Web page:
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Arthur Smith's Pissed-Up Chat Show

Note: This review is from 2011

Review by Steve Bennett

Don’t you hate it when gigs are disrupted by a mouthy drunk at the bar, not knowing his own volume or aware of people around him. Well, here it was not an intoxicated punter, but one of the performers, getting as trollied as he could before taking to the stage.

In any other environment, this would be grossly unprofessional – but that’s the very basis of Fringe legend Arthur Smith’s latest unconventional brainwave, a chat show in which every guest is drunk. Well, it was good enough for Oliver Reed and George Best, who’ve given us memorable TV moments while blotto, but can it be replicated on stage?

The show’s stated aim is to see if there’s any veritas in ‘in vino veritas’ – though I suspect the idea that pissed people are funny was the real driving force, even if that’s not always true, especially for the sober ones looking on.

Smith, resplendent in leprechaun-green suit, sets up some business around the interviews, seeking out great drinking stories from the crowd and introducing his deadpan foil, the resolutely sober Derek from the fictional Scottish Licensing Agency, to advise us of the dangers of alcohol, and to administer the breathalyser test to see how drunk the guests really are.

Tonight’s first guest was Bryony Kimmings, a performer who spent seven days drunk as part of a scientific and artistic experiment, and who crucially downed eight gins before taking to the stage. The lab experience gave her some interesting insight to the effects of alcohol, especially as she spent the week alone, and forms the basis of her Edinburgh show. Although she was perhaps slightly more frisky that she would have been stone-cold sober, the gin-soaked interview proceeded fairly normally.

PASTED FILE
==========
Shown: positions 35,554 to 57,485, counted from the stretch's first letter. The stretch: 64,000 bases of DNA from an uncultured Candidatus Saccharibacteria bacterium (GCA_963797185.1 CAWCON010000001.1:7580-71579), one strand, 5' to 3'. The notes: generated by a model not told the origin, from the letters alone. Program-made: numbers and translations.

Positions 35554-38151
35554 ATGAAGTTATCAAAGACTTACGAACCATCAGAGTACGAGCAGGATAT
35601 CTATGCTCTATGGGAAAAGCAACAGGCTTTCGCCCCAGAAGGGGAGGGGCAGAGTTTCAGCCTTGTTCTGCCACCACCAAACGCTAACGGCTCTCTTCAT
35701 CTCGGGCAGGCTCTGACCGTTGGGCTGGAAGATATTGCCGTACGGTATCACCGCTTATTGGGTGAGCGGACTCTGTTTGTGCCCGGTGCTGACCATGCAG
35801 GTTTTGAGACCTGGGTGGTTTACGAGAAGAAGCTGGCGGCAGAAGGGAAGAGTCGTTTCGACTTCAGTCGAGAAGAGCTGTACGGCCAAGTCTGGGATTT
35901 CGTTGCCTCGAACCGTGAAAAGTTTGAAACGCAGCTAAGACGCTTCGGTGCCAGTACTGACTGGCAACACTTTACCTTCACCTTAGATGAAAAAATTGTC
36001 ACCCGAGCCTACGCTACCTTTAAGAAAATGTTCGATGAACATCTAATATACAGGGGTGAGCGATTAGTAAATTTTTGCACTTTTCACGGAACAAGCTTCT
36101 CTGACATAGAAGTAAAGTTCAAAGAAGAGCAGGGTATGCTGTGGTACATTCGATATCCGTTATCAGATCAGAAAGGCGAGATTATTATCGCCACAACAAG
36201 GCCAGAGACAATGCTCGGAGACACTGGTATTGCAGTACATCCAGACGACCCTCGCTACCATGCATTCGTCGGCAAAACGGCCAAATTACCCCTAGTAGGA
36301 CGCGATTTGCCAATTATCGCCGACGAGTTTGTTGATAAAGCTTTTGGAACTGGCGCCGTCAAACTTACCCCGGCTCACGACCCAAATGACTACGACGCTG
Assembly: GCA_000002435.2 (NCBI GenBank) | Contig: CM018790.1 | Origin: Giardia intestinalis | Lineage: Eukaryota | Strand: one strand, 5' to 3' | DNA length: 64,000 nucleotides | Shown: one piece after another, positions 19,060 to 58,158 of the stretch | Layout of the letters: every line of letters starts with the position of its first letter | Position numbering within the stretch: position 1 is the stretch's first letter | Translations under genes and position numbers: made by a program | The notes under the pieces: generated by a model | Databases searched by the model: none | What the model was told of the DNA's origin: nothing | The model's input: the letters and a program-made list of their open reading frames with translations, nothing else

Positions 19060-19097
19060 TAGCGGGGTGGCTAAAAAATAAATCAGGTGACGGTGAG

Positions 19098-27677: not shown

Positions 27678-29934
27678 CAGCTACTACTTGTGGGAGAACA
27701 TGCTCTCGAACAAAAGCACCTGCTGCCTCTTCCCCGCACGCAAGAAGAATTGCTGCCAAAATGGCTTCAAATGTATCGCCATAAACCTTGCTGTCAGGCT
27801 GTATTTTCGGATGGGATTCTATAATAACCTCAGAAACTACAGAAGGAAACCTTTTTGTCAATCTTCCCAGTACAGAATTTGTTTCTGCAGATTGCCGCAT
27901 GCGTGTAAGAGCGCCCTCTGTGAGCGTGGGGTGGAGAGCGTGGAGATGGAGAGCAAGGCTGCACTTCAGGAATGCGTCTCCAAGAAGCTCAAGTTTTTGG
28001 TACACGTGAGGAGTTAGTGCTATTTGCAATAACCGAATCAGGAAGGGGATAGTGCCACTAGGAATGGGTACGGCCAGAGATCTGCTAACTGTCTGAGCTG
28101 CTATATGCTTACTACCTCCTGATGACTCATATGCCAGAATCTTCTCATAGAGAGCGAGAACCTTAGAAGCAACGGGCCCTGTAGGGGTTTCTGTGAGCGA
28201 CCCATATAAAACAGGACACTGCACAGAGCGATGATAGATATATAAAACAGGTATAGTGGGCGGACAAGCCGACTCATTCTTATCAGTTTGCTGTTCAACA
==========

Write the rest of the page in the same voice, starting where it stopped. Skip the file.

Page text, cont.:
Then, after Ronnie Golden’s perfectly apt song Drinking At Home, came our loud barfly, Bill Coles – an old Etonian, author and former tabloid journalist – and currently about 40 per cent proof. Getting sense out of him was a tall order; when Smith asked him to say ‘the Leith police dismisseth us’ to prove his lack of sobriety, all we got is three minutes of dead air as he tried to compose himself. Though to everyone’s surprise, he managed it – in the end. Nothing else coherent came out of his mouth, though, and the long pauses as his brain tried to process what was going on were awkward, and I still know virtually nothing about him or why he was there.

Though the structure of the show is sound, it’s far too dependent on the quality of the guests. Coles was terrible in that state, far from being in that Goldilocks Zone of perfect drunkenness – where inhibitions are lost, but not cognitive function. Truth is, you don’t need to pay £11.50 to see drunken incoherence in Edinburgh.

Some of the future guests – who include the likes of Hattie Hayridge, Simon Munnrey and Stewart Lee – might get the balance right. But since when has balance got anything to do with getting drunk?

Review date: 13 Aug 2011
Reviewed by: Steve Bennett

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